|16 September 2011
A new digital reconstruction of the monument discovered by the Stonehenge Riverside Project in 2009 suggests that the ring of stone sockets found at the southern end of The Avenue may well have been oval in shape, like the bluestone oval at the centre of Stonehenge. The stones had been removed thousands of years ago, but the sizes of the holes in which they stood indicate that this was a circle of bluestones, brought from the Preseli mountains of Wales, 240 km away.
Excavations in 2009 by the Stonehenge Riverside Project uncovered nine stone holes, part of a ring of probably 25 standing stones. The monument was 10 metres across and surrounded by a henge - a ditch with an external bank. These standing stones marked the end of the Avenue that leads from the River Avon to Stonehenge, a 2800 metre processional route constructed at the end of the Neolithic period.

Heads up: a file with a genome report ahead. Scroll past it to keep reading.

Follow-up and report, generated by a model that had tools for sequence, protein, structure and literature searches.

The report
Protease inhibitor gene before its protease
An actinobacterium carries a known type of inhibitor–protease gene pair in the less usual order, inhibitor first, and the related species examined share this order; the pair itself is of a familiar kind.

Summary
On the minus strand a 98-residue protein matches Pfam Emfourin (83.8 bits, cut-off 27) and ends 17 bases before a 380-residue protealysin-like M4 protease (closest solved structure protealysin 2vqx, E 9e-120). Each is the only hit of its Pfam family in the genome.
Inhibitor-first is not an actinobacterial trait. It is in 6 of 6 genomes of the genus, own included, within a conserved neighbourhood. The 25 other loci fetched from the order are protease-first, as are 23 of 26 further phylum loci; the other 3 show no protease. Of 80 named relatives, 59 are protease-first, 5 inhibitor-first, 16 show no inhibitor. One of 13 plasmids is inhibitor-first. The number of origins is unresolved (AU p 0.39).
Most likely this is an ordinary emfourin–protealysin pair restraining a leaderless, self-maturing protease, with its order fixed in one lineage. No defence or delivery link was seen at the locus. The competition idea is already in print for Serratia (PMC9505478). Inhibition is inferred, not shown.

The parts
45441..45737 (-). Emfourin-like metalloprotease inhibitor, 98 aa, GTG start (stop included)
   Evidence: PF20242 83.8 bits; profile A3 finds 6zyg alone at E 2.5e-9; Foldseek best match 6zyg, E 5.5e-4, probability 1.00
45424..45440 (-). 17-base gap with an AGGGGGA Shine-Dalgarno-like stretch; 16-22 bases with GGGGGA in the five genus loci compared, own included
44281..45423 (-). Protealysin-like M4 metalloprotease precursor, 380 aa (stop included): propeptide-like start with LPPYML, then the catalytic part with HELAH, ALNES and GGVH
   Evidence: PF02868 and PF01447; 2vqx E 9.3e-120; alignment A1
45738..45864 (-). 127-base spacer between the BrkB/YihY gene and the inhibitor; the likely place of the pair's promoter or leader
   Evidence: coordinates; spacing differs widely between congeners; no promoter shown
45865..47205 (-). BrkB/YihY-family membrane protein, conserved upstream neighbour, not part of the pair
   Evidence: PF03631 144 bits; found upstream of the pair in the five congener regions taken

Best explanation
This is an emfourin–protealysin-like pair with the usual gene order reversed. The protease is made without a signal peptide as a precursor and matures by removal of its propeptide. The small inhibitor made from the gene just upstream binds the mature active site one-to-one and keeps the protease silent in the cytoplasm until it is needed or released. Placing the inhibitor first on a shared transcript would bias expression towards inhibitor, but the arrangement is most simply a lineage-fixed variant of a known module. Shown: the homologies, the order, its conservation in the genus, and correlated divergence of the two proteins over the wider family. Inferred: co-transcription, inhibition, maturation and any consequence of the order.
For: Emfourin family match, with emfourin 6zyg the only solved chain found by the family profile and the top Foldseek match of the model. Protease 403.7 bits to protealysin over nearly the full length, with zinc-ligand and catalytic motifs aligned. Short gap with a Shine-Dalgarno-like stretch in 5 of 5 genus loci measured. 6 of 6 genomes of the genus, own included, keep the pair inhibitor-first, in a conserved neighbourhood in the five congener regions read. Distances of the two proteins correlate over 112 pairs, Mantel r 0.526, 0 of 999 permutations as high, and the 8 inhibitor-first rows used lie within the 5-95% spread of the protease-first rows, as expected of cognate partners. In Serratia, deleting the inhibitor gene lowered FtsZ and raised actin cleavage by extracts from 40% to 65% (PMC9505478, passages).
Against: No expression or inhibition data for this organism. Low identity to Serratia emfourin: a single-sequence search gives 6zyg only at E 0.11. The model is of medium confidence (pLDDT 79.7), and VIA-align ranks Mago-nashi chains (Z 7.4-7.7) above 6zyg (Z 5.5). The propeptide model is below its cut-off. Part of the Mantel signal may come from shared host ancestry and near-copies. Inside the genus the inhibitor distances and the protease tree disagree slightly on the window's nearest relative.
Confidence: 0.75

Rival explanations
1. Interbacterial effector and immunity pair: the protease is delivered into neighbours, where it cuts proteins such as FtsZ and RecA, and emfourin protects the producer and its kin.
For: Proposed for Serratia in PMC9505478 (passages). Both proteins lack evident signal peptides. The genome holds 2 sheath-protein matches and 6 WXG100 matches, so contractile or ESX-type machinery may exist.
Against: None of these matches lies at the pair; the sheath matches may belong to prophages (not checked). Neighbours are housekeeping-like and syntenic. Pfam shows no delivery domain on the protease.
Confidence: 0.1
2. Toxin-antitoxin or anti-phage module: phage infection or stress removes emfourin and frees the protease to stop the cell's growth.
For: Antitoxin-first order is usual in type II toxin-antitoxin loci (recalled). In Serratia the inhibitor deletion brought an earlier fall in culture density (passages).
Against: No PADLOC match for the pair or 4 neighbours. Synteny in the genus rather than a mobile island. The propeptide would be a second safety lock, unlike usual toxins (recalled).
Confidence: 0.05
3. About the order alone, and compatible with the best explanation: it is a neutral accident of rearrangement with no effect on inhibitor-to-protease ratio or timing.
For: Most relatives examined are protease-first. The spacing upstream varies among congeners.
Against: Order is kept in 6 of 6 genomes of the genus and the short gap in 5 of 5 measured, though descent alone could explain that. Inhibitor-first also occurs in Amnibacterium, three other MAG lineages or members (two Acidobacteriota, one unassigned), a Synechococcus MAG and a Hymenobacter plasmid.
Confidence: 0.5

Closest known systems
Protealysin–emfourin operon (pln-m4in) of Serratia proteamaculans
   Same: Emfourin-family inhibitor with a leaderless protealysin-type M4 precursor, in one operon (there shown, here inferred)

The outer henge around the stones was built around 2400 BCE, but arrowheads found in the stone circle indicate that the stones were erected as much as 500 years earlier. When the stones were removed by Neolithic people, it is possible they were incorporated within Stonehenge during its major rebuilding around 2500 BCE. After this date, Stonehenge consisted of about 80 Welsh bluestones and 83 local Sarsen stones.
Edited from Mike Pitts, Past Horizons (14 September 2011)
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